California Seeks to Combat Climate Change, But Could its New Gas Vehicle Ban Threaten the Virus-Weakened Economy?

Traffic on I-80, in the East Bay, by Izahorsky on Flickr.

Traffic on I-80, in the East Bay, by Izahorsky on Flickr.

Alison Lucha, Staff member

Many believe the world needs a plan to save it. But, what is the most effective way it can be done? 

California Gov. Gavin Newsom continued to press his case for aggressive climate action last month when he signed an executive order requiring all new cars sold in the state by 2035 to be electric or produce zero emissions. Zero-emission vehicles, or ZEVs, will no longer need gas to run, nor will they produce any carbon dioxide, relying instead on rechargeable batteries and electric power – much of it produced by the state’s bountiful supply of solar energy.

The state’s ambitious goal of reaching net zero emissions for new cars may face hurdles in terms of costs, access and technology. According to an article published by Forbes, “Experts say California’s phasing out of gas-powered vehicles is a move with future potential but achieving this goal, however, comes with many challenges.

Currently, ZEVs represent only 8% of new passenger vehicle sales in California. The sales of ZEVs would need to increase up to 100% by 2035 in order to reach Newsom’s goal. To achieve this will require the further build-out of charging stations for electric vehicles and scaling up vehicle production and delivery.

In the end, it will also require more money, which at the moment has many people worried. Although the governor’s executive order is intended to benefit the climate, some are concerned about additional spending on clean vehicles and how those costs will impact the coronavirus-rattled economy. 

Getting a sizable number of people onboard with the mandate may prove challenging, due to the state of the economy. “It’s hard to say right now if this could benefit the people,” said Hazelin Hernandez, a former Diablo Valley College student. “This pandemic has made a huge impact on our economy. People are losing money and are just now trying to get back on their feet. I don’t think people can afford to have electric cars.”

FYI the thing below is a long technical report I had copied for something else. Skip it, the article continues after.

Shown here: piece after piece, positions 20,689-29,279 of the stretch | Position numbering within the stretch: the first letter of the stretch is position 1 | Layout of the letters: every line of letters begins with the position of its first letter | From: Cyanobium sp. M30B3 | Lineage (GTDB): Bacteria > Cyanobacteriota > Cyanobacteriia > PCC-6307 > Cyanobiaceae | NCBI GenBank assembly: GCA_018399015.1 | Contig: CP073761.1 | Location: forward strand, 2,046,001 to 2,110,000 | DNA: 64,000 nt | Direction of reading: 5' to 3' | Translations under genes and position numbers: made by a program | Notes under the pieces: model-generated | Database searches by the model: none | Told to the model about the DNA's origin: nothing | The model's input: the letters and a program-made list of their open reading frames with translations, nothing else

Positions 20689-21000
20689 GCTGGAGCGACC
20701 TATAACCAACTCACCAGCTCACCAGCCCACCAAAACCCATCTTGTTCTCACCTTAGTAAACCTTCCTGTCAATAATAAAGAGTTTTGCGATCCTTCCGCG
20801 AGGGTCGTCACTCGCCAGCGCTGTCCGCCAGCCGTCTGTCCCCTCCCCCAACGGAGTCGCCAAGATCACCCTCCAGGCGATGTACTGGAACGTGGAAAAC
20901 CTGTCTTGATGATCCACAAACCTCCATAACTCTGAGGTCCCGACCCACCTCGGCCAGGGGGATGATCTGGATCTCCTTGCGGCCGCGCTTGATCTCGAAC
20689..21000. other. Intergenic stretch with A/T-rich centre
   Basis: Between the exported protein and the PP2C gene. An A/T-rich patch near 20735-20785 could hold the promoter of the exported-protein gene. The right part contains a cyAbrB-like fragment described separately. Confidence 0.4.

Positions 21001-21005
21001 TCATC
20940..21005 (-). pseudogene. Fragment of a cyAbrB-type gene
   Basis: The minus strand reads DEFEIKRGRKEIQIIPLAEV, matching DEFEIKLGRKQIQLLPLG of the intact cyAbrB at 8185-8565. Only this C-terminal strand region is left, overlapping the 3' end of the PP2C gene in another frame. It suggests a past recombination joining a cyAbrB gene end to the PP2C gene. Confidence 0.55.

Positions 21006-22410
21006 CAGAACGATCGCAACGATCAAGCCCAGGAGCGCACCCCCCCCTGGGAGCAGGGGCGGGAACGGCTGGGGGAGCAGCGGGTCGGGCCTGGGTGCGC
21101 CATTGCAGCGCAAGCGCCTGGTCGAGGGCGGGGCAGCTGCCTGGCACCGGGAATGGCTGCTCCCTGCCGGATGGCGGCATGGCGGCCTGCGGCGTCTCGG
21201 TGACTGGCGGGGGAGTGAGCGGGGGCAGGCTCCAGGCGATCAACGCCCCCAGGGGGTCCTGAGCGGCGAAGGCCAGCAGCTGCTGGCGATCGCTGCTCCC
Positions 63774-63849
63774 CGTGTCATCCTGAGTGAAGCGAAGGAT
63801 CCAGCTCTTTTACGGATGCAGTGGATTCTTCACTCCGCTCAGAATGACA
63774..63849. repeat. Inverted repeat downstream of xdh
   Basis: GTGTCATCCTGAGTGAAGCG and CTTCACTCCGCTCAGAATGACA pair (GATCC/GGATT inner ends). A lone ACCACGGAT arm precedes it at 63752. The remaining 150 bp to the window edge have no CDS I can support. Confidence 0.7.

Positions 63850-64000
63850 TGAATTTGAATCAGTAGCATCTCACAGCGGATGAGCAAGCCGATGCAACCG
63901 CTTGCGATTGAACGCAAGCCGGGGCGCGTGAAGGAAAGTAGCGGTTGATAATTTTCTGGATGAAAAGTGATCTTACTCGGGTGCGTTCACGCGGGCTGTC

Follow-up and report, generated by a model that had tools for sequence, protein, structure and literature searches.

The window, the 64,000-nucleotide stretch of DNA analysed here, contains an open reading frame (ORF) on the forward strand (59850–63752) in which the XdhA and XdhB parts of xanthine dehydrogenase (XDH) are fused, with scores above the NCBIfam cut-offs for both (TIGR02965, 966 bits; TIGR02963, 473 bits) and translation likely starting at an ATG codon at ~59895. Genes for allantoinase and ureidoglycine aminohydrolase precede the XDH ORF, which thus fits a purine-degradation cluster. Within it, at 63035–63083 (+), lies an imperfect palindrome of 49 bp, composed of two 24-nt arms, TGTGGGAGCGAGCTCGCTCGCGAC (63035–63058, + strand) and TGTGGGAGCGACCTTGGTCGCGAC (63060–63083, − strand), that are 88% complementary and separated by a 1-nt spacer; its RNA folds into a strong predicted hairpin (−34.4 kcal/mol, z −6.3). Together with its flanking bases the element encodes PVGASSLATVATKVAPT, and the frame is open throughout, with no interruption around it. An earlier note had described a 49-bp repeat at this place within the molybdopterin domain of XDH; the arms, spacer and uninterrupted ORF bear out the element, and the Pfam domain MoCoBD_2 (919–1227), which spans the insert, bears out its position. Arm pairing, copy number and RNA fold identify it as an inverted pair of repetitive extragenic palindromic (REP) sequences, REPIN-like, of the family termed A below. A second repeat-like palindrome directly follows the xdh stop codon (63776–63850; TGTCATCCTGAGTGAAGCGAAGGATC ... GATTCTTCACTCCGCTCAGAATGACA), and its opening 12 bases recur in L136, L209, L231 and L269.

Others feel the shift to all-electric vehicles can’t wait any longer, and they say that now is the moment to push ahead with an aggressive electric vehicle plan. “We definitely need to make a change now if we are to help our climate,” said DVC student Ana Perez. “I also believe electric cars are the way to go, but with elections coming up it’s hard to say if it will happen.

“There is a possibility of having Trump re-elected, and if that happens we will never see this plan go through.”  

On average, owning an EV now costs about half as much as a gas-powered car when factoring in the price of fuel over the car’s lifetime. In fact, the cost of ZEVs has lowered dramatically as technology has improved in recent years. According to U.S. News & World Report, “electric vehicles are cheaper to own over time due to better efficiency.” 

This wasn’t always the case. In the past, the publication reported, electric vehicles were “polarizing, short on range, and lacking in performance,” in addition to being costlier than gas-powered vehicles. Most electric vehicles can now drive over 100 miles on a single charge, with some reaching up to 300 miles. An average person drives 37 miles per day, so the modern performance of EVs would meet most individuals’ commuter needs.

EV engineers have long known that zero-emission vehicles could make a positive impact on the world’s climate. What they didn’t expect was a global pandemic, which would decimate the economy.

Now, even in the progressive state of California, which has endured unprecedented wildfire destruction this year fueled by hotter, drier weather, some question whether now is the moment to go all-electric.      

“Using electric cars to help better our climate is definitely a good idea, but with the [COVID-19] situation we are now in, I don’t think it’s the right time to act on this,” said Hernandez.

California has been a leader promoting clean vehicles and renewable energy industries. This has already made an impact on other states that are planning to follow suit developing an electric vehicle infrastructure. But with the economy’s current situation, many people find themselves stuck in the middle.

“Yes we want to make a difference and take care of our planet,” said Perez.“But is our country going to afford it?”